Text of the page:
With Harry Sims giving up the District 2 commission seat he has held for the past 25 years in order to run for mayor in the upcoming May 22 election, two young newcomers to Athens politics are squaring off for the seat. Both are African American and under 30, yet they occupy extremely different cultural spaces and have different approaches to problems.
Taylor Pass, 28, is the grandson of the late Evelyn C. Neely, a civil rights activist who served on the Clarke County school board, worked with numerous charities and was known around town as the “Mayor of East Athens.” Pass is a big man, standing well over 6 feet, and he speaks softly and with enormous respect for the values he inherited from his grandmother: commitment to community, the need to serve people and the desire to bring positive change to Athens.
Pass says he tries “to walk a good path, trying to motivate young adults, what our elders stood for.” He continues, “I’m a strong believer in work, and I’ve got a good work ethic.” He is proud of the local high-school students he works with to get into good colleges and is well known as a mentor to young people in his district.
Pass played football at Cedar Shoals High School and went on to get a football scholarship at historically black Morgan State University, where he studied sociology. He then went on to play football for the Arena Football League and was asked to help launch the China Arena Football League, where he served for three months as assistant coach for the Dalian Dragons. He still texts with his Chinese friends using an app that translates Chinese into English. Pass is currently a patient recruitment specialist and health navigator for the Athens Neighborhood Health Center.
His platform calls for an increase in minimum wage to $15 and increasing the high-school graduation rate to 90 percent—though state law prohibits ACC from raising the minimum wage, and the county commission does not oversee schools—as well as extending bus service “to the edges of the county” and taking on illegal game-day parking on private property for which the police fail to write citations. He also supports rolling back property tax increases for seniors in gentrifying neighborhoods to help them remain in their homes.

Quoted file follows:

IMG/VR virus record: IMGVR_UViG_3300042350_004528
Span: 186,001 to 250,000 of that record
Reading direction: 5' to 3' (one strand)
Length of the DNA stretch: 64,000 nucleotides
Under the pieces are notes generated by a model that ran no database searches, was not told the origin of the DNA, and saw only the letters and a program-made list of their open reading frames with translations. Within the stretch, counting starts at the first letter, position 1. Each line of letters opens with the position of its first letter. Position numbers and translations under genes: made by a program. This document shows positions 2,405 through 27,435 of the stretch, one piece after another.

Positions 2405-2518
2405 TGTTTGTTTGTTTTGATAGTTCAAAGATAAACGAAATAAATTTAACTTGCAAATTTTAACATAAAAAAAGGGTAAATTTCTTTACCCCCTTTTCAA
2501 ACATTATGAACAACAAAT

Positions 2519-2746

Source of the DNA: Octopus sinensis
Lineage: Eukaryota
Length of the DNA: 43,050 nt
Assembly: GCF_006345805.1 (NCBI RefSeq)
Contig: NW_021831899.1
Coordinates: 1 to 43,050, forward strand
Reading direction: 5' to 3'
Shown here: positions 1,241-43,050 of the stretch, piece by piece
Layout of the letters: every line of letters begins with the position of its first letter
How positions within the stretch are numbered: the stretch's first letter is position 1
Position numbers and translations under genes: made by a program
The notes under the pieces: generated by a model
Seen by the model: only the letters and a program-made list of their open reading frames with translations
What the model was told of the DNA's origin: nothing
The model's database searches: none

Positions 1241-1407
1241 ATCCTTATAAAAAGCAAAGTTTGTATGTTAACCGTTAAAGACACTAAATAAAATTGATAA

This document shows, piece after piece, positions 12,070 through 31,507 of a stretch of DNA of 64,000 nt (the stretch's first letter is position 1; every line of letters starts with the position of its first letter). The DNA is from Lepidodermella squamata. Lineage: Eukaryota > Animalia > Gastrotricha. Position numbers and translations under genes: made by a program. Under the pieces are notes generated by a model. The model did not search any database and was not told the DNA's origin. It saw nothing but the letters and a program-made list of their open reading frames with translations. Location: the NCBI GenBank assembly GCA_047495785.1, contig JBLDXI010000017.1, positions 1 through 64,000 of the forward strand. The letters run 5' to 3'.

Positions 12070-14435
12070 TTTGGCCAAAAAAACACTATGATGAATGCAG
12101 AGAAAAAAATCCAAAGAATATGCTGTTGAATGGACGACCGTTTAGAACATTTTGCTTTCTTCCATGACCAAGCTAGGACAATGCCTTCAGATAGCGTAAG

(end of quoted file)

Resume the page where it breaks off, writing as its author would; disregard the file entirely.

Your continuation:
Photo Credit: Austin Steele
Facing off with Pass is Mariah Parker, 26, a UGA student who is reading for her PhD in language and literacy education and works as a teaching assistant. Parker also performs locally as Linqua Franqa, a name she uses to evoke communication across cultural boundaries, delivering a powerful message of equality and justice on Athens stages and in YouTube videos.
Parker radiates the passion of a fierce activist taking on issues of race, poverty and education, yet she is quickly learning the language of politics for her campaign, and is considering writing her dissertation on the topic of political language. Her main issues: counteracting poverty with education, job training and programs that mitigate the effects of poverty, such as free local bus service and affordable housing. She also favors the “aggressive elimination of cash bail” for minor local offenses, to be replaced with “a system of cite and release,” in which offenders are released on their own recognizance, echoing a similar decision from Atlanta’s city council. “Cash bail hits poor people in Athens, people of color and immigrants and LGBTQ… and criminalizes poverty,” she says.
Parker is also taking on affordable housing as an issue, and points to a waiting list of more than 1,000 to get into a Section 8 apartment. She calls for “inclusionary zoning,” saying that the commission should obligate developers to include affordable housing in their plans.
Parker, a supporter of LGBTQ rights, has found opposition to spelling out these rights by current commissioners. She supports having a dedicated civil rights committee to hear out complaints, but some current commissioners don’t seem to consider offenses against LGBTQ individuals to be “real” discrimination, she says.
“All these struggles are connected,” Parker says. “When I look at equality in Athens, I’m looking at all marginalized people. They are put [into the margins] by the same systems, and all these people are hurting for different reasons.”
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